As a concierge physician (regardless of what you call it these days, boutique medicine, membership practice, personalized medicine or something else) if you’ve pulled out of most of your managed care agreements, you’ve lost patient steerage that you were trading in exchange for the discounts you negotiated. Ok, so you’ve made that choice but now you will have to replace that steerage mechanism with an other effective way to get patients and members in the door. Some of my clients who pulled the plug on their managed care panel participation didn’t realize that that was indeed the trade off and why they were accepting the discount. So instead of “feeling” the discount in the contractual adjustment whenever you performed a negotiated service, now you’ll need to write a check for marketing, website creation and maintenance, brochures and advertising.
There’s one option in the “realm” of marketing options for physicians that rarely crosses the mind of most physicians: Public Relations.
This may occur because a) physicians were never trained on marketing, or b) they don’t quite understand how Public Relations figures into a marketing strategy firing on all cylinders. If you were a “managed care practice”, chances are high you didn’t need to do much marketing, advertising or public relations. People checked their health plan directory, chose a physician and scheduled an appointment. The business was mostly “service” oriented and other than your reputation and renown in the community, because of the fee schedule and terms and conditions of sale as a managed care provider under a negotiated fee schedule, you were essentially a commoditized, easily substitutable service provider. (Ouch! The truth hurts…I know.) People picked you from a list of who was close, who gave the discount and participated in their plan.
Now you are in a "premium product"- oriented business that includes the services you used to offer but with a premium price tag
In the design of your new concierge medicine practice, the first of many exercises was to rethink this commoditized, substitutable service provider positioning and replace it with something special – a premium brand differentiator. That’s because without paying for the membership, the former commodity buyers can no longer continue to receive service. They are forced to choose a substitute from the list offered by their insurance plan.
Your new “product” is the package of extra amenities program you sell along with the prestige people should “feel” when they agree to pay for it, among other things.
The “service” is your professional skill and bedside manner, diagnostic and treatment services coded with CPT codes, and the customer service delivered by your staff. But they cannot buy the service without the rest of the package. Who is supposed to take the time to explain all this? You? Your staff?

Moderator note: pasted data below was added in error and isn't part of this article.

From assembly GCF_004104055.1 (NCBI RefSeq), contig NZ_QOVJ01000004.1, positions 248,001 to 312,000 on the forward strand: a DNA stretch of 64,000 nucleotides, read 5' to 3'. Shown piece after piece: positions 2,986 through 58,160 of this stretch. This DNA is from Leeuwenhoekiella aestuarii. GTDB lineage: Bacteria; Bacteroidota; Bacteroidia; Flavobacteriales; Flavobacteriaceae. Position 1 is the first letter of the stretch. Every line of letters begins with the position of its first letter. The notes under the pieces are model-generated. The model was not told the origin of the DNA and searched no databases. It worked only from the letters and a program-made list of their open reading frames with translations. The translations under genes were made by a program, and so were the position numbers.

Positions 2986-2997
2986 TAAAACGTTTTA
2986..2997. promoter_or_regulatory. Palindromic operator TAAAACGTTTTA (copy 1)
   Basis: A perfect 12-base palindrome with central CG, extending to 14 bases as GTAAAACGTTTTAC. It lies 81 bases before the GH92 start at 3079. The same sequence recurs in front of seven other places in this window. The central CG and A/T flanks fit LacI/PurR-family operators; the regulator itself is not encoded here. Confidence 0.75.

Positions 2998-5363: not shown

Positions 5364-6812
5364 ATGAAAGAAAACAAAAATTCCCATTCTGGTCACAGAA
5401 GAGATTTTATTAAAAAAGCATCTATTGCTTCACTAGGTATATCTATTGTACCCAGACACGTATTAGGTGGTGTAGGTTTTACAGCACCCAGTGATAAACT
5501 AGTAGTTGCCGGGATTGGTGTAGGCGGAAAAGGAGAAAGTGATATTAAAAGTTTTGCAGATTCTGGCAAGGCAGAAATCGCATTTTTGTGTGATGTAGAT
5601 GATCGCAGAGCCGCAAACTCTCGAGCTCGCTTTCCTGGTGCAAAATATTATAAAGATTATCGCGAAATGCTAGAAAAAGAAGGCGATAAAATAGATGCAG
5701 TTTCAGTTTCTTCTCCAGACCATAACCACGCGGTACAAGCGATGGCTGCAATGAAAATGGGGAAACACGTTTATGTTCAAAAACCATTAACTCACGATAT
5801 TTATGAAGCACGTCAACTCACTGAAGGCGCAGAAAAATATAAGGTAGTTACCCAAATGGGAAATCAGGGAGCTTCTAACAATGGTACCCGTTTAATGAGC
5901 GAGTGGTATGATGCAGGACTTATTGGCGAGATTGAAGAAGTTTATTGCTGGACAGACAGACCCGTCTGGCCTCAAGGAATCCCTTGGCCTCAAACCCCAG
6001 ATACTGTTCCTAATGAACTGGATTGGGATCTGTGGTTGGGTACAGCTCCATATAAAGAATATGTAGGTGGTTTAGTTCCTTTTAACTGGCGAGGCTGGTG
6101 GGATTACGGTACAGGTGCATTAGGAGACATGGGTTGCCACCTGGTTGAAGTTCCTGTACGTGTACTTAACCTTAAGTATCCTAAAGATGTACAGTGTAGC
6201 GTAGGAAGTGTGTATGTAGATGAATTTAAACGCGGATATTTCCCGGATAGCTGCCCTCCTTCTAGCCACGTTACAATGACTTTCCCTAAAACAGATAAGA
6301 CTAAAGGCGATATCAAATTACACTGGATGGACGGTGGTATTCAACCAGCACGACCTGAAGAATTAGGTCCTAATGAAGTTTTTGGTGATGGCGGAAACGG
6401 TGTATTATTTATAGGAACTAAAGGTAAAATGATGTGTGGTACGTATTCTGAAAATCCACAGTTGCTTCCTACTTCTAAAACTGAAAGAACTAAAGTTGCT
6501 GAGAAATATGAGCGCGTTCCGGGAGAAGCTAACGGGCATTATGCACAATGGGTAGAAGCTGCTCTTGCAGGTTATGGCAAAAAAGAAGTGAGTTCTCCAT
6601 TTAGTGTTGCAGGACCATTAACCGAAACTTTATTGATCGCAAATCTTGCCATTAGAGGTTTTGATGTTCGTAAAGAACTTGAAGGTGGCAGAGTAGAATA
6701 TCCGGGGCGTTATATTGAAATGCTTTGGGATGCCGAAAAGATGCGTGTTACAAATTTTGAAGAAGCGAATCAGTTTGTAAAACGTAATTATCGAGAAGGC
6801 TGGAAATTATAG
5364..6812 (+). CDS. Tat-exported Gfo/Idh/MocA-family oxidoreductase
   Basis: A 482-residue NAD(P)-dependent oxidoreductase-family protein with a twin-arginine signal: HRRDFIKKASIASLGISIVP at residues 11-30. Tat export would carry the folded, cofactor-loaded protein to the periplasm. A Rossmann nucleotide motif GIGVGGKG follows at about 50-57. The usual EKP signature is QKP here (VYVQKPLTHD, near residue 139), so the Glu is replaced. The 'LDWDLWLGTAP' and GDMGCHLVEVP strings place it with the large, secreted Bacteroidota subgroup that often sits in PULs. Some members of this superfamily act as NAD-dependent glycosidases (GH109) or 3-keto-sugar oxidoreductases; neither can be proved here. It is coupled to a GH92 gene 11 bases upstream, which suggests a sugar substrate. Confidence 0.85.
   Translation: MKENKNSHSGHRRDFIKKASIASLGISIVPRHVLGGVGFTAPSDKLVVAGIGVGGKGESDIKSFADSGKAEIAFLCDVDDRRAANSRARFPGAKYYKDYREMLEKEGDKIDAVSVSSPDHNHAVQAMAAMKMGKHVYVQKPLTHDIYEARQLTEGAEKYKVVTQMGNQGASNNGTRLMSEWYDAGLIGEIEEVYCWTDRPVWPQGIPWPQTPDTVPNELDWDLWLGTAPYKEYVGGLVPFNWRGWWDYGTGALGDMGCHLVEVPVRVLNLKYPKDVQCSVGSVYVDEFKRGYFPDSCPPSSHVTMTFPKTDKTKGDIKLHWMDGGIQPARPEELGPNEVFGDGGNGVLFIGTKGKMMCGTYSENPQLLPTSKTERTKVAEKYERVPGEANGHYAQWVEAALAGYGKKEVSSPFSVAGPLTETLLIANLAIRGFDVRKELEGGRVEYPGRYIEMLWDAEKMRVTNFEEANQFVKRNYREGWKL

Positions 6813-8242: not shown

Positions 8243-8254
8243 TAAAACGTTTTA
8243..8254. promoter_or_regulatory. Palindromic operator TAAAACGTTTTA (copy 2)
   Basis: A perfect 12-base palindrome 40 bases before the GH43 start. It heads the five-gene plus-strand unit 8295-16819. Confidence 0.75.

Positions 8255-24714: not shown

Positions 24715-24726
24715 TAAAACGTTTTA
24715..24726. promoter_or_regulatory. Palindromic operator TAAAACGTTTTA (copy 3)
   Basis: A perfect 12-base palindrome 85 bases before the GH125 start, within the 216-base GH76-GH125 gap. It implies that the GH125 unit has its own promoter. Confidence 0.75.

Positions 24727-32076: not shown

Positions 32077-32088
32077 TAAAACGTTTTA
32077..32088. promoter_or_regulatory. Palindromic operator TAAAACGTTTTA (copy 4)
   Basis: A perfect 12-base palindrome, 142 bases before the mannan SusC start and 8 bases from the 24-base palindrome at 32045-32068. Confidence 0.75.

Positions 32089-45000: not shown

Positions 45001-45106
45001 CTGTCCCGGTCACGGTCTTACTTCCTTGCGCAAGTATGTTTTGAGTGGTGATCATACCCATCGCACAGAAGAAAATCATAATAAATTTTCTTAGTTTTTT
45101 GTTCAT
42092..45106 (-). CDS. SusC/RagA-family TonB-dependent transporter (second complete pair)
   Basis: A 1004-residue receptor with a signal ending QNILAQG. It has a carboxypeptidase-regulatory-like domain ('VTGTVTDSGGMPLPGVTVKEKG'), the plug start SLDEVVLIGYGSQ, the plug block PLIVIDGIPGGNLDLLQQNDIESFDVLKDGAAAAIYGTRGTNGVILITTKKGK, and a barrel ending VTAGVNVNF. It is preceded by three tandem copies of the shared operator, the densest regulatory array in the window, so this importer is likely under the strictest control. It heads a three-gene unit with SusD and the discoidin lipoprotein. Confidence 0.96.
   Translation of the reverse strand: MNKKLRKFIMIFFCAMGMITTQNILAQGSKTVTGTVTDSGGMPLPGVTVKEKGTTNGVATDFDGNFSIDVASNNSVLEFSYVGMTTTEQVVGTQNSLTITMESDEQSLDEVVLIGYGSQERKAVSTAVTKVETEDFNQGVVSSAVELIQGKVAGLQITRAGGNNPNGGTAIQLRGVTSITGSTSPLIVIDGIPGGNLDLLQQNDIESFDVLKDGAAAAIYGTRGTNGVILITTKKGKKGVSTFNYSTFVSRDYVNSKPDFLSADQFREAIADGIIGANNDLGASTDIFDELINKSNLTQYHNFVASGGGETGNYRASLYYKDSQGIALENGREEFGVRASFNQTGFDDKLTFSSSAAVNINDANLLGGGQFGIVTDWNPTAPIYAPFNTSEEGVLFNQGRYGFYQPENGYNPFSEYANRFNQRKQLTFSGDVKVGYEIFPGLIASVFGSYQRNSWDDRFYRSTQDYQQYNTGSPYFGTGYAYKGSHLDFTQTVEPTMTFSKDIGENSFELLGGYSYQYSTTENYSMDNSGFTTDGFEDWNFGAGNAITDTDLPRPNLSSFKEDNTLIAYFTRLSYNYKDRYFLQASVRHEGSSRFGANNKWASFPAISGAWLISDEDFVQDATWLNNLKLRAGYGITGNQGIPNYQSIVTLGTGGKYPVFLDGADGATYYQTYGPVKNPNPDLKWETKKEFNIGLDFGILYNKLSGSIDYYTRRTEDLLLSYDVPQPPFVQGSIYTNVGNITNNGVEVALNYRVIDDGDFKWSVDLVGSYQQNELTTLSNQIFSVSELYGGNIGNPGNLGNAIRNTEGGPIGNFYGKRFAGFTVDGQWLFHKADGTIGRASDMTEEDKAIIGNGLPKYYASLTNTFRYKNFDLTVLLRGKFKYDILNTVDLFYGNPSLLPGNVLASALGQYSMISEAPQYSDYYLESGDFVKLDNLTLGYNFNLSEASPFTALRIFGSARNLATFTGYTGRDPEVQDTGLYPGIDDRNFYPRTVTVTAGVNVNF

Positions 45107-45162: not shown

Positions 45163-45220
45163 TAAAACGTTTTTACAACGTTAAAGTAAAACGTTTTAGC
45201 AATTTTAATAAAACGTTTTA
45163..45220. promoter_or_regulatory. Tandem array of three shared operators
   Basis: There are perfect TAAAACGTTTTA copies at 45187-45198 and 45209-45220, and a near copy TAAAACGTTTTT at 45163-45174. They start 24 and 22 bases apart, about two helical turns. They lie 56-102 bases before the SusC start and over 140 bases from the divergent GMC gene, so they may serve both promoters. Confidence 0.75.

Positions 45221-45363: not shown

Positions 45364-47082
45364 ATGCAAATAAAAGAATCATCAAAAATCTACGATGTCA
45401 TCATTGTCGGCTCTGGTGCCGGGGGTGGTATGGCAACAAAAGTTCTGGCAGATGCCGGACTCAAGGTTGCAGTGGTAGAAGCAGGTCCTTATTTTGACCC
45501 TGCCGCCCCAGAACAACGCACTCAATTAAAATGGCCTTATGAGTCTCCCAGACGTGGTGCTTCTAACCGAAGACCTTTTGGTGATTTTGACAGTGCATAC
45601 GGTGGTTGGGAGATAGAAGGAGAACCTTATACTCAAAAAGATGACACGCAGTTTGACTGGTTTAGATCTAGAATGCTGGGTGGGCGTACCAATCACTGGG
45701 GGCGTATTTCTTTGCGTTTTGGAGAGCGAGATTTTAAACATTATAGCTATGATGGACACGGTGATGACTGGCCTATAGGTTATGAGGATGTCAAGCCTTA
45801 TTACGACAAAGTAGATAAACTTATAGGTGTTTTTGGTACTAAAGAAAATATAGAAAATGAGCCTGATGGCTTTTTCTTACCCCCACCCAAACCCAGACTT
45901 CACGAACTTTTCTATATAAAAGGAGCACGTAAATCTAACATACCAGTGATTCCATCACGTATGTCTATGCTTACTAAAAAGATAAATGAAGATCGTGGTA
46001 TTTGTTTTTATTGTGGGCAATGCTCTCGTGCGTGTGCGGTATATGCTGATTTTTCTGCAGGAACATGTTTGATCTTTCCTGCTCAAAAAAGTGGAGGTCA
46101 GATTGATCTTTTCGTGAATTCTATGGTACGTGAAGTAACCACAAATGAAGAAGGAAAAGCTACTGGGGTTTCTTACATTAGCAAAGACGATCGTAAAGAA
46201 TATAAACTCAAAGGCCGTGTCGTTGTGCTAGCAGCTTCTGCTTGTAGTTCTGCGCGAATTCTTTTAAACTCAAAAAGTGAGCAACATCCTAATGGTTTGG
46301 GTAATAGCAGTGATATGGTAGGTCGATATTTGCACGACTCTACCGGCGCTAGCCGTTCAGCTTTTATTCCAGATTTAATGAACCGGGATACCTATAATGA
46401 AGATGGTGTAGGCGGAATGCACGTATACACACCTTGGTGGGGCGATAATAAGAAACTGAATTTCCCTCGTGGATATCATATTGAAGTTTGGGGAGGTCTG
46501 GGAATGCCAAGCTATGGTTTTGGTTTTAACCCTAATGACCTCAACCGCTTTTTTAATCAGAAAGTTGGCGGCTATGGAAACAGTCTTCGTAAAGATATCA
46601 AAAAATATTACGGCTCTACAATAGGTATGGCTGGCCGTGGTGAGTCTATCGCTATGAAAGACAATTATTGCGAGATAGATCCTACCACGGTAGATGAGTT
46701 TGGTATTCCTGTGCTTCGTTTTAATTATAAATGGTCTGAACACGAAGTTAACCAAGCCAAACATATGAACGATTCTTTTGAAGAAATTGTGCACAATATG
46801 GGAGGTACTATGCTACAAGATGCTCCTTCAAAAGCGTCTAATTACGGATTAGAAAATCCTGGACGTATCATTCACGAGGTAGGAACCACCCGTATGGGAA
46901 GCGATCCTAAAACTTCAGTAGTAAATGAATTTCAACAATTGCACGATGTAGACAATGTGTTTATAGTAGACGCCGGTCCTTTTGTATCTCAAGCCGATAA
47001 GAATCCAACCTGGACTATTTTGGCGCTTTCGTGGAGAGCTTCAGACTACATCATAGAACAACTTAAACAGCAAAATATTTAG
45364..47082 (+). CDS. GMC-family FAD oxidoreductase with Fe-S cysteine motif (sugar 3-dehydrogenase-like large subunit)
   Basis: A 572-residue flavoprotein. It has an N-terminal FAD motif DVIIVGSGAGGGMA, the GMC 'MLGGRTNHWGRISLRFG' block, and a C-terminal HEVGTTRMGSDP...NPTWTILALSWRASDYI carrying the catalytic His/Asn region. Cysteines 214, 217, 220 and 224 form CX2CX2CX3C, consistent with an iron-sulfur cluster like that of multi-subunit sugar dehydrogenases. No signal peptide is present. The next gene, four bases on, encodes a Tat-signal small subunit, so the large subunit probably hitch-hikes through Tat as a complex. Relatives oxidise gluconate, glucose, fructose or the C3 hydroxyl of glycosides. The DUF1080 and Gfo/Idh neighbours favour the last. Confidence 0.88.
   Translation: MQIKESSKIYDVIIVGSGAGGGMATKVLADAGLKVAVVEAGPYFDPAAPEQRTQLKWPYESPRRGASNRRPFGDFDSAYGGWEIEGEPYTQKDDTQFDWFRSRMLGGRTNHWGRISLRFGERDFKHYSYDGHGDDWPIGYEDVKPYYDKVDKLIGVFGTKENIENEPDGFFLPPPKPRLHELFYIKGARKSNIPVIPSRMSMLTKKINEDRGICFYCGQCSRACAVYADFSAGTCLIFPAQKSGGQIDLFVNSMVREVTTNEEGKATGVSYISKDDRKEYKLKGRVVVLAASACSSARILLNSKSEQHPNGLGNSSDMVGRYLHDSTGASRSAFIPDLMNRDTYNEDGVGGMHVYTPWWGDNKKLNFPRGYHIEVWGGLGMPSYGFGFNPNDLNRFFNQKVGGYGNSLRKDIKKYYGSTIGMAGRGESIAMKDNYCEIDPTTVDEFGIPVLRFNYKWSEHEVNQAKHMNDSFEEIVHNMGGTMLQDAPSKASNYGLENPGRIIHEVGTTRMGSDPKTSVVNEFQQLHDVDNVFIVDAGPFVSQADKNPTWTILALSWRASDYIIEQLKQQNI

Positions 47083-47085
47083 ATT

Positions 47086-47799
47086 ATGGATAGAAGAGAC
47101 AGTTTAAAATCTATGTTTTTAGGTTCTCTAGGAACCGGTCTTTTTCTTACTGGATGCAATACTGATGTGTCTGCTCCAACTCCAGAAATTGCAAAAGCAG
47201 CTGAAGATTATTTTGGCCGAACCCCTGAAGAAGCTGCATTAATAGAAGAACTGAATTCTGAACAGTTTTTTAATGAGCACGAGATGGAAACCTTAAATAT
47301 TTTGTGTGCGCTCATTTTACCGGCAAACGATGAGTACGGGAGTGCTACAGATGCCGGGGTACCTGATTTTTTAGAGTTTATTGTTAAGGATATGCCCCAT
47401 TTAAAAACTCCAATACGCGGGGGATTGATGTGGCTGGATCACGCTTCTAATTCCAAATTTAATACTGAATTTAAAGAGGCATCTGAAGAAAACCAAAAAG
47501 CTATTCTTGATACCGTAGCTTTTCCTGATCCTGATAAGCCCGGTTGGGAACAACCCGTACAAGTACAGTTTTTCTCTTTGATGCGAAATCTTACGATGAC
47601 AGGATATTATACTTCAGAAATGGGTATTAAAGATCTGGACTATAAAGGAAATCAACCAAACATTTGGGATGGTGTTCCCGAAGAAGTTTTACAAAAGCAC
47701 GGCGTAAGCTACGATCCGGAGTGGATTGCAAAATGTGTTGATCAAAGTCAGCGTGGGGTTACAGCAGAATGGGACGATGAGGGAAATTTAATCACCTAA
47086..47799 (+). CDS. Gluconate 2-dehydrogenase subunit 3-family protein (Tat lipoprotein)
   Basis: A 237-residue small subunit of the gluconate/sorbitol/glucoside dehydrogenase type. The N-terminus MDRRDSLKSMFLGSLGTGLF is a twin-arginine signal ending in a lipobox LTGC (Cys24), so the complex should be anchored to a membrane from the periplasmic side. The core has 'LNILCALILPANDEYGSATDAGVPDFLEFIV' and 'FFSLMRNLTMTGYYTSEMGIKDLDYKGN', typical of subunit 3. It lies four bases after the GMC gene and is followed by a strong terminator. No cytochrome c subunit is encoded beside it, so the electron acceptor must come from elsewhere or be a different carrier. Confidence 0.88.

Enter the Public Relations professional.
Public Relations professionals do far more than write press releases. But that is only one of their tools. Kind of like your BP cuff and your thermometer. One misconception that many physicians hold is that Public Relations is all about advertising your practice so more people will buy a membership. Another percentage believes incorrectly that public relations is about promoting what your business is about. That’s called “promotion” but that’s not accurate at all. Promotion is a result of effective public relations. Lots of people pay for public relations professional services and don’t get promotion because their professional responsible for the job isn’t effective.
Another component of the marketing strategy is advertising, where you pay to promote the product you sell. A high percentage of people feel that PR costs a lot of money and they are not sure it is worth it because they never seem to get the results they are seeking. That failure is the result of failure to connect with the right targeted market (known as “reach”) as a result of a poorly planned advertising campaign, Reach without new business and new revenue is immaterial, but lots of advertising agencies talk about how good their reach is all the time. They count ears and eyeballs (yes, that’s a statistic that can be measured, but it is the wrong statistic to place emphasis). The prudent physician advertiser doesn’t give a rip about reach; they care about dollars in the bank.
Advertising should never be expensive
It should be looked at this way: Spend $100, get back at least $101.
With that kind of a result, advertising comes out to be free. The same applies to marketing, and public relations expenses. If you aren’t bringing in more incremental revenue than you are spending per campaign (referred to as “return on marketing investment” (ROMI)) your campaign is not effective. Cut the loss, stop the campaign, redesign the campaign, change the strategy, modify the method, change the targeted consumer persona, change agencies and/or modify or rethink the distribution strategy.